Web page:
Print 54 comment(s) - last by B3an.. on Mar 24 at 4:42 AM

Microsoft's browser ballot, just released in Europe last month, has hurt its browser market share, say market researchers.
What helps Mozilla and Opera hurt Microsoft

Europe's over 200 million Windows computers will be getting an important update courtesy of Microsoft.  The update will give consumers the power to choose their default browser right out of the box -- something Microsoft never did before.  

Elsewhere, Windows starts with Microsoft's Internet Explorer browser loaded as the default browser.  You can change to another browser for your default, but only after you would have to personally go to the browser maker's page on the web and download the installer.  Many customers instead opt to simply stick with Internet Explorer.

Recent reports indicated that Microsoft's release of the ballot screen helped bump European market shares of third-party browsers like Mozilla's Firefox and the European-based Opera Software's titular browser.

New reports indicate that these gains came at Microsoft's expense.  Internet Explorer lost 2.5 percent marketshare in France, 1 percent in Britain, and 1.3 percent in Italy since February, according to the market research firm Statcounter.

Opera, on the other hand, says its downloads have doubled across Europe for the month and tripled in Italy, Spain and Poland.  The release of Opera 10.5 accounts for some of this boost, but the sheer number of new downloads is unusual and a sign that the ballot screen may be helping the third parties.  

Mozilla, the world's second largest browser maker, did not release a new browser, but did report gains of its own.  Describes a Mozilla spokesperson, "We have seen significant growth in the number of new Firefox users as a result of the Ballot Choice screen. We expect these numbers to increase as the Ballot Choice screen fully rolls out across all countries." 

Chrome, Firefox, Opera, and Safari are featured on the ballot screen's first page, in addition to Internet Explorer.  Smaller browsers are also featured if you scroll over, but the small browser companies aren't satisfied with this.

States Flock, a small European browser maker, "To date, new downloads of Flock originating from the browser choice screen have only contributed marginally to growth in overall downloads. This is also the case for the other browsers not on the main screen."

Microsoft doesn't want to change the ballot screen, but the smaller browser makers are lobbying the EU to force it to make more changes.  Describes Flock, "We hope that the changes recommended in our urgent petition to the European Commission are implemented so that all the browsers that have been placed to the right of the main screen will have a reasonable chance of being found and considered by European consumers."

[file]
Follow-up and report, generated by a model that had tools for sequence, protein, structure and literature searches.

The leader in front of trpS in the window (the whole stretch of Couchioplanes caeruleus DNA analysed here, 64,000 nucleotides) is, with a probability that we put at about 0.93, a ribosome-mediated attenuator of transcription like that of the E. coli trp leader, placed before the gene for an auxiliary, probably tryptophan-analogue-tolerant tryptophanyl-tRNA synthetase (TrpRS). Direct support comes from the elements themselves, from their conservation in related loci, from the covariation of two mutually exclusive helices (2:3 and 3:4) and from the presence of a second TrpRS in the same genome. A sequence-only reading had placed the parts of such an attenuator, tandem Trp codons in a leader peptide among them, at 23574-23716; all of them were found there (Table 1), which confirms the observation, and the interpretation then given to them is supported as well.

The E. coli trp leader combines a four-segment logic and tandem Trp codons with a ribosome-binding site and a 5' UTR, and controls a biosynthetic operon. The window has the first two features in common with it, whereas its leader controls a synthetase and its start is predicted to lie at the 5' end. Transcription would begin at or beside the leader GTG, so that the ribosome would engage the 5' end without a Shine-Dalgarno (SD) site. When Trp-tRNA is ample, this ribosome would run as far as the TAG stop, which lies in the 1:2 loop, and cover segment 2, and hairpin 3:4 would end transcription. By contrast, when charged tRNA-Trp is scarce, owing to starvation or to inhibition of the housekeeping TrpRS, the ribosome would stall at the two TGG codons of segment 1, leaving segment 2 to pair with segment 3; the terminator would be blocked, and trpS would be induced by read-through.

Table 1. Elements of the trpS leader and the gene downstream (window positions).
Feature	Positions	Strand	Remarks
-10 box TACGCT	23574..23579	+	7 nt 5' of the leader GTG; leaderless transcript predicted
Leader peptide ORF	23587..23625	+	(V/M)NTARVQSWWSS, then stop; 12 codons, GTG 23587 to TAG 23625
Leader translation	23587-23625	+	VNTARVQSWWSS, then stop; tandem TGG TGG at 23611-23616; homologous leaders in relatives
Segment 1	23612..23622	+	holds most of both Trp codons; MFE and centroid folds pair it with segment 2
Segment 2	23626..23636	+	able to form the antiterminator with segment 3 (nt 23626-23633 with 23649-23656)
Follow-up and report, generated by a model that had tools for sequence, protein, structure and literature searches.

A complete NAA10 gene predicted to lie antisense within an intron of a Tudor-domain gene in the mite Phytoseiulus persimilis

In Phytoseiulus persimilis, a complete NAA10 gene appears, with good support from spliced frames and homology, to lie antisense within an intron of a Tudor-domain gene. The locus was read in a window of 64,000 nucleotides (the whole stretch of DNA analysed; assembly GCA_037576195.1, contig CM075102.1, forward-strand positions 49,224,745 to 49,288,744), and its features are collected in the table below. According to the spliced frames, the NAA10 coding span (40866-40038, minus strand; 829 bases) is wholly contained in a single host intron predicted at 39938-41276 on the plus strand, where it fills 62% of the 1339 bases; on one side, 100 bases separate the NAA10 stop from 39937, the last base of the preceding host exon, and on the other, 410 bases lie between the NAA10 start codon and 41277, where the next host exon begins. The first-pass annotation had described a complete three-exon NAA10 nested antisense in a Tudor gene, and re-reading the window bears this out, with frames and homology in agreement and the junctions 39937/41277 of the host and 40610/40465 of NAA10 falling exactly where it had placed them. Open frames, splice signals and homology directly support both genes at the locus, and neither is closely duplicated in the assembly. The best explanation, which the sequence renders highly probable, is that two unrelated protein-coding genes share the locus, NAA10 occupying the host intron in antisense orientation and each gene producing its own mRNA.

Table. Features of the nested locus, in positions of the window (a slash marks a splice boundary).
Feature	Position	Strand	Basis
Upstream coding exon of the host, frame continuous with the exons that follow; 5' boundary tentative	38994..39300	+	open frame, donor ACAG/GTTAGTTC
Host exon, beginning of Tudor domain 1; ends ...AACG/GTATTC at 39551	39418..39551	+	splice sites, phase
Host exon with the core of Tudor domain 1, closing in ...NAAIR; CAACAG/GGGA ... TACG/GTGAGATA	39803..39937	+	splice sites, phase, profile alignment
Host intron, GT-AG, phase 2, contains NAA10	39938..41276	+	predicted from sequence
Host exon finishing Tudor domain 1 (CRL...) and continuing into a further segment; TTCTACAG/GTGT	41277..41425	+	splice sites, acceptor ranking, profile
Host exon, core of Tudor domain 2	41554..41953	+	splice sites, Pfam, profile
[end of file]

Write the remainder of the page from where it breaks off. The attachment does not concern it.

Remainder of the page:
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RE: Will US customers get a ballot screen?
By Xenokyn on 3/22/2010 8:55:26 PM , Rating: 0
Normally I would agree, but the Windows registry has been such a clusterfuck since XP(or before) that without a feature to totally disable the system's ability to access what would normally be default programs, I kept running into issues where these programs(IE, WMP) would be launched even if I had changed every file association away from them.

Since Win7's re-vamped "Turn Windows features on or off" section, and the ability to uninstall/disable(depending on how you want to look at it)IE/WMP, I have never had any incident of IE or WMP ever launching under any circumstance, even if another program tells them to.

I'm glad Microsoft finally gave users a way to totally shut down any and all access to 2 of its default programs. Its not about saving disk space, its about controlling what programs open: how, when, and why. I admit I'm super picky, anal-retentive, or maybe just a control-freak about stuff like this. Still, it always bothered me that other programs could tell IE or WMP to launch even if I had set other programs as defaults.

I would not even be using Windows if I didn't need modern, stable, and fast DirectX compatibility. I would be using Arch Linux, a Linux you have to build from scratch. This way I would have, and be forced to have, complete knowledge and control over every executable running. If and when OpenGL becomes as popular as DirectX(I don't think Wine or others will ever reach a true Windows-like level of stability and speed), I'll have to use Windows as my primary OS and Arch as a toybox/backup.

RE: Will US customers get a ballot screen?
By Xenokyn on 3/22/2010 8:58:20 PM , Rating: 2
fix="if and when" to "If and until"

By B3an on 3/24/2010 4:42:20 AM , Rating: 2
I dont know why idiots are rating you down. You're right.

As just one example, Steam will still use IE regardless of what browser you have as default.

By afkrotch on 3/23/2010 2:06:14 AM , Rating: 3
I use Winamp for all my music files and Media Player Classic for all video files. I've never once had any files revert to anything Windows, since setting those as default. I've never had any of them popup randomly either. Be in on Win2k, WinXP, or Win7. I've also never disabled them on my systems either. I just deleted the icons and went on my way.

Also, build two computers if you hate Windows so much. One for your games or whatever, the other for whatever it is you do.

"We are going to continue to work with them to make sure they understand the reality of the Internet.  A lot of these people don't have Ph.Ds, and they don't have a degree in computer science." -- RIM co-CEO Michael Lazaridis

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